Adding insult to injury, the “cordeiros” responsible for separating the white “haves” from the primarily non-white “have nots” are almost always all black. They are usually paid about R$30 (about $17.44 in US dollars) a day to separate masses of people, most of whom look like them. In the expensive private suites, the racial and economic divisions are also starkly apparent.
Can you see the division of “haves” and “have nots” here?
 Highlighting another fact that I have written about previously, the musical groups that appear in the Carnaval processions at prime time and appear on television are also overwhelmingly white. Although Salvador is 80% black, white artists like Daniela Mercury and Ivete Sangalo get most of the media coverage and advertising sponsorship.

Lupe Fiasco - "Lamborghini Angels" / "ITAL (Roses)" / "Audubon Ballroom" Video | The Smoking Section

...image theatre (powerful - fi watch all 13min).

“Candy no witch”: - The devil as a "black man"

It is not surprising, perhaps, that among the approximately 155 people accused in the infamous Salem witch trials of 1692, two of the accused were enslaved Africans, identified in the court records as “negro.” It’s arguable that, when most lay persons think of blacks and the Salem debacle, the legendary Tituba comes to mind. Still widely believed by popular historians and writers to be African-American or African, Tituba, the slave of Rev. Samuel Parris of Salem village, was actually Indian. Indeed, every single reference to Tituba in the court documents of the time, as well as in contemporary eyewitness accounts, classifies her as “Indian,” never as “negro” or “mulatto,” another popular Puritan term.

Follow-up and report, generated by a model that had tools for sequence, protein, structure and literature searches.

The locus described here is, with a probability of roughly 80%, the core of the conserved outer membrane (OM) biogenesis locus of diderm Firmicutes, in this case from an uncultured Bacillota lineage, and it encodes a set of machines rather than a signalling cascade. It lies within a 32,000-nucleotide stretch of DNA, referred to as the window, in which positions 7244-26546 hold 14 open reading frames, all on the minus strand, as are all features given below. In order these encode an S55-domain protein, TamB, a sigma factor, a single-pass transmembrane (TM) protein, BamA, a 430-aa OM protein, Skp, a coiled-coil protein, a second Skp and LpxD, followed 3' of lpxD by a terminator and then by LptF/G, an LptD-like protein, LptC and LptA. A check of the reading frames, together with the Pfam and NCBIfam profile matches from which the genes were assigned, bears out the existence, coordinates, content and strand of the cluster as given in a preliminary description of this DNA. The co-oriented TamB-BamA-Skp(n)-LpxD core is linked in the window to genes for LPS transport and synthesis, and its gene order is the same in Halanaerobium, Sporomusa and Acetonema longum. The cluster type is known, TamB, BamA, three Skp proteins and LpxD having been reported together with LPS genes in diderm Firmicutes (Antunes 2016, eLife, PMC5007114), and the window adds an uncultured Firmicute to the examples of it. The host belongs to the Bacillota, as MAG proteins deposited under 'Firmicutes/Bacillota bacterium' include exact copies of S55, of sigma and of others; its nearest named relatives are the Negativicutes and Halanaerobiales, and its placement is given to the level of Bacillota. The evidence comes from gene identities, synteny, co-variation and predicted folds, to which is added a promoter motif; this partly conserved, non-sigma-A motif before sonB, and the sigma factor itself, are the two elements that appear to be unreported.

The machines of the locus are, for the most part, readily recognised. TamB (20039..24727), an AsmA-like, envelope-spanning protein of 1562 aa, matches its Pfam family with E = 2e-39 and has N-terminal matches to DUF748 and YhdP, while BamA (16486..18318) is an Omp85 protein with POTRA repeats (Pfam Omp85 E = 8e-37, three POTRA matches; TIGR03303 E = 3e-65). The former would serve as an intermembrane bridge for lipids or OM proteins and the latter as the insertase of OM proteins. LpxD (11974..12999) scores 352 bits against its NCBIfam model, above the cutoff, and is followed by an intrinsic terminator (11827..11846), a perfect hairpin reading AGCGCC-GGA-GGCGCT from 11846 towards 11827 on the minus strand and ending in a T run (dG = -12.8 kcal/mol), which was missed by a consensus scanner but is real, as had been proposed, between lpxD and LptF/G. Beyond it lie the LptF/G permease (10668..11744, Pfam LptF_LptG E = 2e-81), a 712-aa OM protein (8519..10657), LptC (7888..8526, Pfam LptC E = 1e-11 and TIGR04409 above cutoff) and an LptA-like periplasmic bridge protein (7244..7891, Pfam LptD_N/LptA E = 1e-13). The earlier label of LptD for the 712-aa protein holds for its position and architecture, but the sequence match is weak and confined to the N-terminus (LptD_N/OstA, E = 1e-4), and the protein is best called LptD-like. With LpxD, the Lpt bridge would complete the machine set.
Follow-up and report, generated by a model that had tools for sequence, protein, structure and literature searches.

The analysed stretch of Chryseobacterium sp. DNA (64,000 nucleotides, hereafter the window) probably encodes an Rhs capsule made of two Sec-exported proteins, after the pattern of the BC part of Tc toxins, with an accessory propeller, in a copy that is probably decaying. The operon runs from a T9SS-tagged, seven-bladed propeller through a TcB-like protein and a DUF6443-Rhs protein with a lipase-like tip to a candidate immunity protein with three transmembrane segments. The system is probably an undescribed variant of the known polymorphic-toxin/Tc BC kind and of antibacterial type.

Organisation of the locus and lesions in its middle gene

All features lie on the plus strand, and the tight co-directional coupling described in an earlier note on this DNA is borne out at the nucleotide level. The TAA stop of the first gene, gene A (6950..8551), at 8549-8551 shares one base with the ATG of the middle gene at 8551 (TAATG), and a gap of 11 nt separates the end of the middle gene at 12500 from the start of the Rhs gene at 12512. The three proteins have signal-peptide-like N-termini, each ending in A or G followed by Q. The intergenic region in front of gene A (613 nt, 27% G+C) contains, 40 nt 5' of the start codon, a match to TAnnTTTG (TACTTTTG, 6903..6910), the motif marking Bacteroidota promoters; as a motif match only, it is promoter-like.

Recent scholarship has shown conclusively that the origins of Tituba’s mythical ancestry are to be found in embellished literary accounts dating from the late nineteenth century, well after the Civil War, when the institution of slavery and African-American ethnicity became closely linked. From the moment Henry Wadsworth Longfellow changed Tituba’s ethnicity from Indian to half-African and half-Indian in his play,Giles Corey of Salem Farms, popular historians and writers thereafter repeated the change, and sometime later Tituba evolved in the cultural imagination into a fully African slave, whose voodoo-like rituals caused the Salem witch trials and turned the Puritans of Salem village against themselves.
But what of the two women accused of witchcraft, who, unlike Tituba, were actually “negroes?” Both were female servants in Puritan households. One, Mary Black, lived in the house of Margaret Thatcher in the seaport town of Salem, Massachusetts. The other, Candy, lived in the home of Nathaniel Putnam in nearby Salem village where the witchcraft accusations began. The accusers of these two enslaved women were the same young females responsible for initiating the whole Salem debacle. Residents of Salem village, they turned out to be the only accusers of these African women whom they may have seen as easy targets if only because, in their minds, the devil was “black.”
The Salem court records reveal that the devil was repeatedly referred to as a “black man,” a widely known characterization imported from Christian Europe. It might therefore be assumed that the devil’s “blackness” carried an ethnically specific racial meaning. But the color black and its evil connotations also applied to Native Americans whom the early Puritans believed to be devil worshippers. After the devastating King Phillip’s War of 1676-77, in which hundreds of settlers were brutally killed, the Puritans greatly feared the Indians, and their fears were revived in 1692 after renewed attacks in1689. New Englanders described the Indians as tawny or black in color, especially the much feared Wabanaki of Maine who wore black face paint in their devastating raids upon the settler communities. Indeed, one of the court records tells of a woman who reported a frightening dream in which “she saw a thing like an Indian all black which did pinch her in her neck.”